Musculoskeletal System ORGAN SYSTEMS

Plantar fasciitis/fasciosis


Overuse injury causing degenerative irritation of the plantar fascia origin at the medial calcaneal tuberosity of the heel as well as the surrounding perifascial structures.

  • M/C type of plantar fascia injury
  • M/C cause of heel pain (80% cases)


Intrinsic risk factors:
Anatomic Obesity
Pes planus (flat feet)
Pes cavus (high-arched feet)
Shortened Achilles tendon
Biomechanic Overpronation (inward roll)
Limited ankle dorsiflexion
Weak intrinsic muscles of the foot
Weak plantar flexor muscles
Extrinsic risk factors:
Environmental Poor biomechanics or alignment
Hard surface
Walking barefoot
Prolonged weight bearing
Inadequate stretching
Poor footwear


Plantar fascia is a thick fibrous aponeurosis that originates at the medial calcaneal tubercle and helps support the arch of the foot.

Planter fascia anatomy | Kosi Gramatikoff –, CC0,

It is thought that repetitive tensile overload from standing for long periods of time or running causes changes in the aponeurosis that can be either acute or chronic.

  • More recently, the term plantar fasciosis has been introduced to de-emphasize the idea that inflammation is the cause of pain.


  • Granulation tissue, micro-tears, collagen disarray, and notably a lack of traditional inflammation

Clinical features

  • Progressive pain (inferior and medial heel):
    • Severe pain in the morning or after a rest period
    • Improves with movement
    • Aggravated by long periods of weight bearing
    • Radiate proximally (severe cases)
  • Signs:
    • Tenderness to palpation over the medical calcaneal tubercle
    • Discomfort with passive dorsiflexion of the first toe





  • Calcifications in the soft tissues
  • Heel spurs (inferior aspect of the heel) (50% cases)
Calcaneal spur (heel spur) is a bony outgrowth from the calcaneal tuberosity (heel bone) | Lucien Monfils – CC BY-SA 3.0,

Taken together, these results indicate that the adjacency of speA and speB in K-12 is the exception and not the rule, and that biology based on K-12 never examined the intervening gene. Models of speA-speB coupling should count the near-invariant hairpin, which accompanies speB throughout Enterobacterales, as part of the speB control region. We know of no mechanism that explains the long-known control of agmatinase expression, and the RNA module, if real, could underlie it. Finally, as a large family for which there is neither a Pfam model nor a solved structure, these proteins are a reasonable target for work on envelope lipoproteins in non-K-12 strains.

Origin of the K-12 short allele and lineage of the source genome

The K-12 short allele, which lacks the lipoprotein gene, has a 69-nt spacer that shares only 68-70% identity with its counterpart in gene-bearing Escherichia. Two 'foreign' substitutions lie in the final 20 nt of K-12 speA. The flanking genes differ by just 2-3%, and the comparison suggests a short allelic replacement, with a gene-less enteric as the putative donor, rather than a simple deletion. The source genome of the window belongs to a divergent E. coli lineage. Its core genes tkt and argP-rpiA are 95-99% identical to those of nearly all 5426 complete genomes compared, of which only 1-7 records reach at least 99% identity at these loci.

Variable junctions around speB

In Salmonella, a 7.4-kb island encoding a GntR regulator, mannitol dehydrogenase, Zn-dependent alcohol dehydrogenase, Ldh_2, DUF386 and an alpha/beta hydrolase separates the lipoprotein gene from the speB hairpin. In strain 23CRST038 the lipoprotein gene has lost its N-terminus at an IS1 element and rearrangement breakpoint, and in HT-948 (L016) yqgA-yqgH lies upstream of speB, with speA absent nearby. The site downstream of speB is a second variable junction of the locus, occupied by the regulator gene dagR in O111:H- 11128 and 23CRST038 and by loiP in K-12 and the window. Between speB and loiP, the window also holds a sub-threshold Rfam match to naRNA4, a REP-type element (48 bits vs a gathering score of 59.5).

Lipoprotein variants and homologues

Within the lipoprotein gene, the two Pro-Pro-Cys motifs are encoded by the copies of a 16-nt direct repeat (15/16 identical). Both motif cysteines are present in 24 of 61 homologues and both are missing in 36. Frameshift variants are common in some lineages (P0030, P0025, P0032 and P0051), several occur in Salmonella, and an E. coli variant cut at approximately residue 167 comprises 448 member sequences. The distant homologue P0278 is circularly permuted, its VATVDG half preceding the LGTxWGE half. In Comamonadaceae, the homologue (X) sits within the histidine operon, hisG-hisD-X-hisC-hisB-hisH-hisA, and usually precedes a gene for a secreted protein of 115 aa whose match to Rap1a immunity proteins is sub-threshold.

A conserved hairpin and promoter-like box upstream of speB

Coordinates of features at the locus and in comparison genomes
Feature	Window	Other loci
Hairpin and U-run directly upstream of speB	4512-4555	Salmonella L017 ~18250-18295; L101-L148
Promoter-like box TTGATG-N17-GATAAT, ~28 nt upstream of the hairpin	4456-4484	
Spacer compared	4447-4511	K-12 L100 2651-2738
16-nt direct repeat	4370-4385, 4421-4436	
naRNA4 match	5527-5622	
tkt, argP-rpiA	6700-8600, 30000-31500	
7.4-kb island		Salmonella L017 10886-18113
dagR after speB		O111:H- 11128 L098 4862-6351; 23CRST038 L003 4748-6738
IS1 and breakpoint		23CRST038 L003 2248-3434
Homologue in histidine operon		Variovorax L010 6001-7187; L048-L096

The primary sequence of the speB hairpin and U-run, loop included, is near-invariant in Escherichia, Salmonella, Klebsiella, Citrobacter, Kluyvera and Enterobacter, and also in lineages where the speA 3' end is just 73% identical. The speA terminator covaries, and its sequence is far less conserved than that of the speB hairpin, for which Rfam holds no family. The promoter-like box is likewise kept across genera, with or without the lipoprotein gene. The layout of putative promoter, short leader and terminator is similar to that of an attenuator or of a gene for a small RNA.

Ultrasound (USG):

  • Thickening and swelling of the plantar fascia
Plantarfasciosis (thickened plantar fascia) in ultrasound | Mme Mim – CC BY-SA 4.0,


Sagittal T2-weighted magnetic resonance imaging showing thickening of the plantar fascia (short arrows) and increased signal intensity (long arrow). | Goff, J. D., & Crawford, R. (2011). Diagnosis and treatment of plantar fasciitis. American Family Physician, 84(6), 676–682.

Differential diagnosis

  • Plantar fascia rupture
    • Sudden, acute, knife-like pain, ecchymosis (more proximal) and with palpable gap
    • MRI/USG (confirmatory)
  • Fat pad syndrome (atrophy of heel pad)
    • Pain usually centrally located and no morning pains
    • Common in elderly and diabetics
  • Calcaneal stress fracture
    • Pain with weight-bearing, diffuse heel tenderness
  • Tumour
    • Achy pain, constant, nocturnal, even with no weight bearing and at rest
    • Constitutional symptoms (late onset)
  • Calcaneal bursitis “Policeman’s heel”
    • Burning, aching or throbbing pain, swelling, erythema (posterior heel)
  • Boxter’s nerve entrapment
    • Pain more proxima and dorsal
    • No sensory disturbance
  • Medial calcaneal nerve compression
    • Occurs in tarsal tunnel
    • Postitve Tinnl’s sign
    • Altered sensation of medial side of heel
  • Seronegative arthropathies
    • Bilateral with h/o back pain, urethritis, uveitis, elevated inflammatory markers, etc
  • Spinal stenosis & L5-S1 nerve root irritation


Usually improves within 12 months (80-90% symptoms) regardless of treatment.

Rest and analgesia:

  • Rest, activity modification, ice massage, and acetaminophen or nonsteroidal anti-inflammatory drugs.

Stretching and physical therapy:

Progressive plantar fascia and intrinsic foot muscle stretching techniques have been shown to reduce plantar fasciitis pain.


Over-the-counter orthotics (arch supports, heel cups, night splints):

Recommended for persons with plantar fasciitis to aid in preventing overpronation of the foot and to unload tensile forces on the plantar fascia.



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